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 Specialized European Patent Attorneys

Softwarepatente

 

We represent our clients in the field of software patents and (standard essential) telecommunication patents (GSM, UMTS, LTE, ...). Over the last years we gained experience in litigation proceedings in the worldwide telecommunication industry. Furthermore we were involved in several revocation proceedings before the European Patent Office and the German Federal Patent Court.

Relevant Law

In the following only the most important laws, regulations and guidelines are presented. For legal advice please contact a patent attorney as this site merely provides an overview.

TRIPS Agreement

Only parts of the TRIPS Agreement relating to Intellectual Property Rights and especially software patents are provided. Further information on the TRIPS Agreement can be found on the website of the World Trade Organization here. The full text of the TRIPS Agreement is here .

Law PART II, Section 1, Article 10: Computer Programs and Compilations of Data
legal text 1. Computer programs, whether in source or object code, shall be protected as literary works under the Berne Convention (1971).
2. Compilations of data or other material, whether in machine readable or other form, which by reason of the selection or arrangement of their contents constitute intellectual creations shall be protected as such. Such protection, which shall not extend to the data or material itself, shall be without prejudice to any copyright subsisting in the data or material itself.
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Law Article 27: Patentable Subject Matter
Legal text 1. Subject to the provisions of paragraphs 2 and 3, patents shall be available for any inventions, whether products or processes, in all fields of technology, provided that they are new, involve an inventive step and are capable of industrial application. 5 Subject to paragraph 4 of Article 65, paragraph 8 of Article 70 and paragraph 3 of this Article, patents shall be available and patent rights enjoyable without discrimination as to the place of invention, the field of technology and whether products are imported or locally produced.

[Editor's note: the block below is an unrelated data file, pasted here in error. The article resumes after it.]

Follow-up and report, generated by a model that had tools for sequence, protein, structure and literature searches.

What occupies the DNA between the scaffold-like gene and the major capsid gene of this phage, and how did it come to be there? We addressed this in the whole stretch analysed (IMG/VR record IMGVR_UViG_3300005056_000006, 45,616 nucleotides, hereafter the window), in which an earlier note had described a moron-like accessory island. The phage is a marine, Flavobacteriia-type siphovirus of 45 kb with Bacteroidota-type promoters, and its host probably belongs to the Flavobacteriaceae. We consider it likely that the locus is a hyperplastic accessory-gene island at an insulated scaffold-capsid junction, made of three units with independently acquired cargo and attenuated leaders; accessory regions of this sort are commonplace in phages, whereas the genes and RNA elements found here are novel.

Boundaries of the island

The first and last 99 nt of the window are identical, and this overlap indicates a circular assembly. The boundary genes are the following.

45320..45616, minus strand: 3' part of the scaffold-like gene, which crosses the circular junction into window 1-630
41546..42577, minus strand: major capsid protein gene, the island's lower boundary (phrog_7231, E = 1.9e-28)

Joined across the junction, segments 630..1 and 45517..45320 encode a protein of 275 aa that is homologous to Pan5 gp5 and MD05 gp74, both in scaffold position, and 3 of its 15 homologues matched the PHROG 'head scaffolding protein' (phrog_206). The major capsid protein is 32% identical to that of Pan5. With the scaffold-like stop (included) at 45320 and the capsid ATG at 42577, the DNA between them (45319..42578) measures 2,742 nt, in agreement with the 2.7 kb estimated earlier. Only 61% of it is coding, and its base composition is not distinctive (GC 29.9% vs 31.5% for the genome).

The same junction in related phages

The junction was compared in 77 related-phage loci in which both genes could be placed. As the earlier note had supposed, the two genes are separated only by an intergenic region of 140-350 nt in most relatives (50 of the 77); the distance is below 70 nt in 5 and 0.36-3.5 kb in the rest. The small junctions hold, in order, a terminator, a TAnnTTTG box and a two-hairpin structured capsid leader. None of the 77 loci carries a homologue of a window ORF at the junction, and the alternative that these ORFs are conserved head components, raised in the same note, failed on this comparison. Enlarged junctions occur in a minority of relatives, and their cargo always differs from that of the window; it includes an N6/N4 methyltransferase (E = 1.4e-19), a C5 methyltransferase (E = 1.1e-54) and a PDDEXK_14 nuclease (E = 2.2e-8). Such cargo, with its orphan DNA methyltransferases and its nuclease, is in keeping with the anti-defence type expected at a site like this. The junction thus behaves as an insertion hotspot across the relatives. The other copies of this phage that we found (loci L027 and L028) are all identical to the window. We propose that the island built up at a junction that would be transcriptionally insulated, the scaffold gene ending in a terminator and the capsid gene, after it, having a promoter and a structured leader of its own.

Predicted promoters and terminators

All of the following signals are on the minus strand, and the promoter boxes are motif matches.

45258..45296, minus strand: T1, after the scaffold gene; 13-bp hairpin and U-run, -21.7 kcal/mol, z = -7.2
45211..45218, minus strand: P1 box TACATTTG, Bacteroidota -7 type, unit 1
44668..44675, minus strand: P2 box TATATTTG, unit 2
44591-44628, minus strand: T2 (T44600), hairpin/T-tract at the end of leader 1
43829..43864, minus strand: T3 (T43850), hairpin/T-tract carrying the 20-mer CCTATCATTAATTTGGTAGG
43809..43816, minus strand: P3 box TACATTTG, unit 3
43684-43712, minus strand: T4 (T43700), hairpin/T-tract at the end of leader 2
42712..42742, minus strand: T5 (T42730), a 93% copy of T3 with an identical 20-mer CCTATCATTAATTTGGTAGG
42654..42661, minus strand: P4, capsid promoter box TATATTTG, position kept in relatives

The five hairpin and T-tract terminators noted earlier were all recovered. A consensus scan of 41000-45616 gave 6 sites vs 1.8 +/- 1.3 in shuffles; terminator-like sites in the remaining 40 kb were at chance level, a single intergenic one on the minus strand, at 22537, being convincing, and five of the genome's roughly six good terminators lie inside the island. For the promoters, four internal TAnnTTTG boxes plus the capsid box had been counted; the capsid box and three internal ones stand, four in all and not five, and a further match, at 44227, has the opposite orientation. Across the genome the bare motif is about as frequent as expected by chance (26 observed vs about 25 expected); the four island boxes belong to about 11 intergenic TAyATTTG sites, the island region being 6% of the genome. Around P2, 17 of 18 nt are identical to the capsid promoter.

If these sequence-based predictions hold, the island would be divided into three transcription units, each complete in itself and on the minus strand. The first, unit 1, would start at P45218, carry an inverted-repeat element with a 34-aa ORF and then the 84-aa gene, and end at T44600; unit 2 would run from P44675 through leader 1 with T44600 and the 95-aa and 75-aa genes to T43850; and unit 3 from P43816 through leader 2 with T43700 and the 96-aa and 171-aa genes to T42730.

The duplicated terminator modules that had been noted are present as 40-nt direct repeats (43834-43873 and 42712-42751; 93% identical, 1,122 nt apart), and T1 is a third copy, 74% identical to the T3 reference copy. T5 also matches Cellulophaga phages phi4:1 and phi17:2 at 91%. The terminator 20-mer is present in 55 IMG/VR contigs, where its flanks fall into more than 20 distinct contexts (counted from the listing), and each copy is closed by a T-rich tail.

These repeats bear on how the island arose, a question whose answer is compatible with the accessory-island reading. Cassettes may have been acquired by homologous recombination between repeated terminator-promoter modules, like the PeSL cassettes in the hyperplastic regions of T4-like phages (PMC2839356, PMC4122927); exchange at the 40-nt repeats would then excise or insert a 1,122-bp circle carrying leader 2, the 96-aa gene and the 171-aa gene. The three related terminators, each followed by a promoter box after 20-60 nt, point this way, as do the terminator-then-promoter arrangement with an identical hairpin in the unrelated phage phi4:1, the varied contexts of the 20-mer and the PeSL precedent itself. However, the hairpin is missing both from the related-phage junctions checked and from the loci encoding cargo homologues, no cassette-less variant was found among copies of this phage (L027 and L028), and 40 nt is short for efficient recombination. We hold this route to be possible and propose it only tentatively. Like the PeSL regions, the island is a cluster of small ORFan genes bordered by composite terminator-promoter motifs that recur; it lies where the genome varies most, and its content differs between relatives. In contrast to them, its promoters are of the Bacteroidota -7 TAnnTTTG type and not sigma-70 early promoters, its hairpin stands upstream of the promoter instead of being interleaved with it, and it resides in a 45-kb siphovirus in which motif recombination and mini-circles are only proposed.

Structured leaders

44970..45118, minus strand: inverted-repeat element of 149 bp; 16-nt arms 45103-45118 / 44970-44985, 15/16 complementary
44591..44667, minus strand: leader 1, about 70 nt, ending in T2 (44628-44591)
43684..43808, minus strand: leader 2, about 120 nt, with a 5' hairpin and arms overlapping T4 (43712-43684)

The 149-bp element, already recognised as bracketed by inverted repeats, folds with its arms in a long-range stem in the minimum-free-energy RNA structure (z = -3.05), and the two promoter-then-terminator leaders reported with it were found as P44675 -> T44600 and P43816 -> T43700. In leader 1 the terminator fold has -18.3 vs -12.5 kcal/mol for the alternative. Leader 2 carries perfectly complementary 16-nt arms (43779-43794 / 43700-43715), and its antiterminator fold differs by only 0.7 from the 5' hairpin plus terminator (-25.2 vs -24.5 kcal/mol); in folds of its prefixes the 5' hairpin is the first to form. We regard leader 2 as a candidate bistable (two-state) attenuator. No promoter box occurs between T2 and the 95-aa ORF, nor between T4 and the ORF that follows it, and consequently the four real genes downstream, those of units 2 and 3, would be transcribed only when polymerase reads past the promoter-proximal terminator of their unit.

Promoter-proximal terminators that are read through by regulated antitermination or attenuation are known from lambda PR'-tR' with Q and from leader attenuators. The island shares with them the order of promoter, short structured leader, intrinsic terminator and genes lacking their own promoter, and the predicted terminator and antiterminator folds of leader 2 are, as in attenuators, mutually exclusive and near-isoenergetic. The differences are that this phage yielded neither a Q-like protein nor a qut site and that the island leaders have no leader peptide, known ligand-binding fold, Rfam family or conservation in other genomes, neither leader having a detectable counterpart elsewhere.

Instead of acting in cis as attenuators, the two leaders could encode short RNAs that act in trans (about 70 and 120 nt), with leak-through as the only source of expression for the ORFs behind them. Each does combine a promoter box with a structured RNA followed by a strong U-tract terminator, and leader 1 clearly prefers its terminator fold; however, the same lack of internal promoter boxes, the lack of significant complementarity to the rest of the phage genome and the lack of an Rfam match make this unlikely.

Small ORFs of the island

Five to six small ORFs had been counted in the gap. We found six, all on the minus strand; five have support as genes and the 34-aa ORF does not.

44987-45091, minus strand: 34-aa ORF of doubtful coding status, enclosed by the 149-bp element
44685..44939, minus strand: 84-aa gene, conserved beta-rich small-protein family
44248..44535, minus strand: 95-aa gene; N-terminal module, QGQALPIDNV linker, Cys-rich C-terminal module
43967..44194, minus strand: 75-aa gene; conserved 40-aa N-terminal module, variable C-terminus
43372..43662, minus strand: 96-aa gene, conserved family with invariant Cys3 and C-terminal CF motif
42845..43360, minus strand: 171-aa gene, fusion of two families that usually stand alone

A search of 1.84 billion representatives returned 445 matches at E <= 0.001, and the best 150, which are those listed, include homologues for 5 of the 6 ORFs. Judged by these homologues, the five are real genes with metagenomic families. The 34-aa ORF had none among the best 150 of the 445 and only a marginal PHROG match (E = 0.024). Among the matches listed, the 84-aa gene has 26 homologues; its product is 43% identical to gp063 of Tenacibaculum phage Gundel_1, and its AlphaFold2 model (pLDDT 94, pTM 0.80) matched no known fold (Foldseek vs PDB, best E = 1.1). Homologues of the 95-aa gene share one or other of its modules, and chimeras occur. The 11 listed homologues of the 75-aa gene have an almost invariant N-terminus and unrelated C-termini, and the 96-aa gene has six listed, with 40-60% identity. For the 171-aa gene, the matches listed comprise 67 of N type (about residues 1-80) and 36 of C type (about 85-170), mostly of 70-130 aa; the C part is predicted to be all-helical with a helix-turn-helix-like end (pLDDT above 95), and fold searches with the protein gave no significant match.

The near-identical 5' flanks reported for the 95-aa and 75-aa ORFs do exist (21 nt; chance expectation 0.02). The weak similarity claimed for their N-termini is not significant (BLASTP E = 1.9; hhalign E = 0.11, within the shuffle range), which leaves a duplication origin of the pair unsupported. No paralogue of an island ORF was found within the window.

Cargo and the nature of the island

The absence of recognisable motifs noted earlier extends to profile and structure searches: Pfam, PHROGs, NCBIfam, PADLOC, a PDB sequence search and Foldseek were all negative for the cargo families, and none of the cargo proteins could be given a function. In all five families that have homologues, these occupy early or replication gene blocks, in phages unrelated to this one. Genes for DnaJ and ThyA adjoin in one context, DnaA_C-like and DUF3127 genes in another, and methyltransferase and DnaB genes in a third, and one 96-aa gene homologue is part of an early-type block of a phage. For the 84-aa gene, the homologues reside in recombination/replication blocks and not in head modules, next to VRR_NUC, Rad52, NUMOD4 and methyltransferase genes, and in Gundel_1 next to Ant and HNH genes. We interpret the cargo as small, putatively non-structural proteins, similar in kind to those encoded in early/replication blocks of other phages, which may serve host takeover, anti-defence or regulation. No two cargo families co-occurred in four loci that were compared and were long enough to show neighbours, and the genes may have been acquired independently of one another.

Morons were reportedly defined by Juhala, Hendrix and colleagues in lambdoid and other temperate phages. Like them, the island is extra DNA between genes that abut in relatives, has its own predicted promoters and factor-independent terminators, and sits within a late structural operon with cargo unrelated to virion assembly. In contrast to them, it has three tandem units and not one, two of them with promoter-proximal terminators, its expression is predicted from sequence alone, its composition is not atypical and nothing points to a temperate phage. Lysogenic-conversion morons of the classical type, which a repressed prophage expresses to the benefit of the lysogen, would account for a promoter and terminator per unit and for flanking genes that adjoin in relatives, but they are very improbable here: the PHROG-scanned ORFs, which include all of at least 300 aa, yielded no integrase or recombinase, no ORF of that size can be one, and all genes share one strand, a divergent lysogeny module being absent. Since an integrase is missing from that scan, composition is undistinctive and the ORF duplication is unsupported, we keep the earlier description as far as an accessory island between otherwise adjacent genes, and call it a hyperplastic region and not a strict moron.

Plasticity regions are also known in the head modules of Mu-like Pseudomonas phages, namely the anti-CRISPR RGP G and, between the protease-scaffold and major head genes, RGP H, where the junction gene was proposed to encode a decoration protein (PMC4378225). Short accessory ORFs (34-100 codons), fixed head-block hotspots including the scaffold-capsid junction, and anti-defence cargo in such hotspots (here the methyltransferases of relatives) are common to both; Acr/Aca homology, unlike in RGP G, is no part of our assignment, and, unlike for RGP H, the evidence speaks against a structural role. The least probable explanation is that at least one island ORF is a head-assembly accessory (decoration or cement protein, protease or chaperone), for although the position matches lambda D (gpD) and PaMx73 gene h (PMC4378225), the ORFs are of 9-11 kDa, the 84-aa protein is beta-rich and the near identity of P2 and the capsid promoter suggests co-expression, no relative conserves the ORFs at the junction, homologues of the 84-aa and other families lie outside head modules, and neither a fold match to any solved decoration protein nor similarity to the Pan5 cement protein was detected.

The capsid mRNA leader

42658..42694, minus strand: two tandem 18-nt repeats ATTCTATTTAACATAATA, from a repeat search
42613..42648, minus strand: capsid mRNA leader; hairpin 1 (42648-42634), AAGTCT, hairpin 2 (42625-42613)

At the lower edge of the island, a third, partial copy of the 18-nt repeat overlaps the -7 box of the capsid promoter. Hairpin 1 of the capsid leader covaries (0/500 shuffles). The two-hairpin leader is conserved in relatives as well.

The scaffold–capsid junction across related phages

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U.S.C. United States Code

The United States Code (U.S.C.) is the official compilation and codification of the general and permanent federal statutes of the United States.

Law 35 U.S.C. 101 Inventions patentable - Patent Laws
Legal text Whoever invents or discovers any new and useful process, machine, manufacture, or composition of matter, or any new and useful improvement thereof, may obtain a patent therefor, subject to the conditions and requirements of this title.
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German Patent Act (PatG)

 

Law Paragraph 1
Legal text (1) Patents shall be granted for any inventions, in all fields of technology, provided that they are new, involve an inventive step and are susceptible of industrial application. (2) Patents shall be granted for inventions within the meaning of subsection (1) even if they concern a product consisting of or containing biological material or a process by means of which biological material is produced, processed or used. Biological material which is isolated from its natural environment or produced by means of a technical process can also be the subject of an invention even if it previously occurred in nature. (3) The following in particular shall not be regarded as inventions within the meaning of subsection (1):
  1. discoveries, scientific theories and mathematical methods;
  2. schemes, rules and methods for performing mental acts, playing games or doing business, and programs for computers;
  3. presentations of information.
(4) Subsection (3) shall exclude patentability only to the extent to which protection is being sought for the subject-matter or activities referred to as such.
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Law Guidelines for the Examination of Patent Applications 4.3.1
text For inventions on a computer program, a computing rule, software features, a program related method, patent protection is in principle accessible, provided that they include a a technical teaching.
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The European Patent Convention (EPC)

For the full text of the European Patent Convention, see here.

Law Article 52: Patentable inventions
Legal text (1) European patents shall be granted for any inventions, in all fields of technology, provided that they are new, involve an inventive step and are susceptible of industrial application. (2) The following in particular shall not be regarded as inventions within the meaning of paragraph 1: (a) discoveries, scientific theories and mathematical methods; (b) aesthetic creations; (c) schemes, rules and methods for performing mental acts, playing games or doing business, and programs for computers; (d) presentations of information. (3) Paragraph 2 shall exclude the patentability of the subject-matter or activities referred to therein only to the extent to which a European patent application or European patent relates to such subject-matter or activities as such.
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Law Guidelines for Examination in the EPO; Part G - Chapter II-5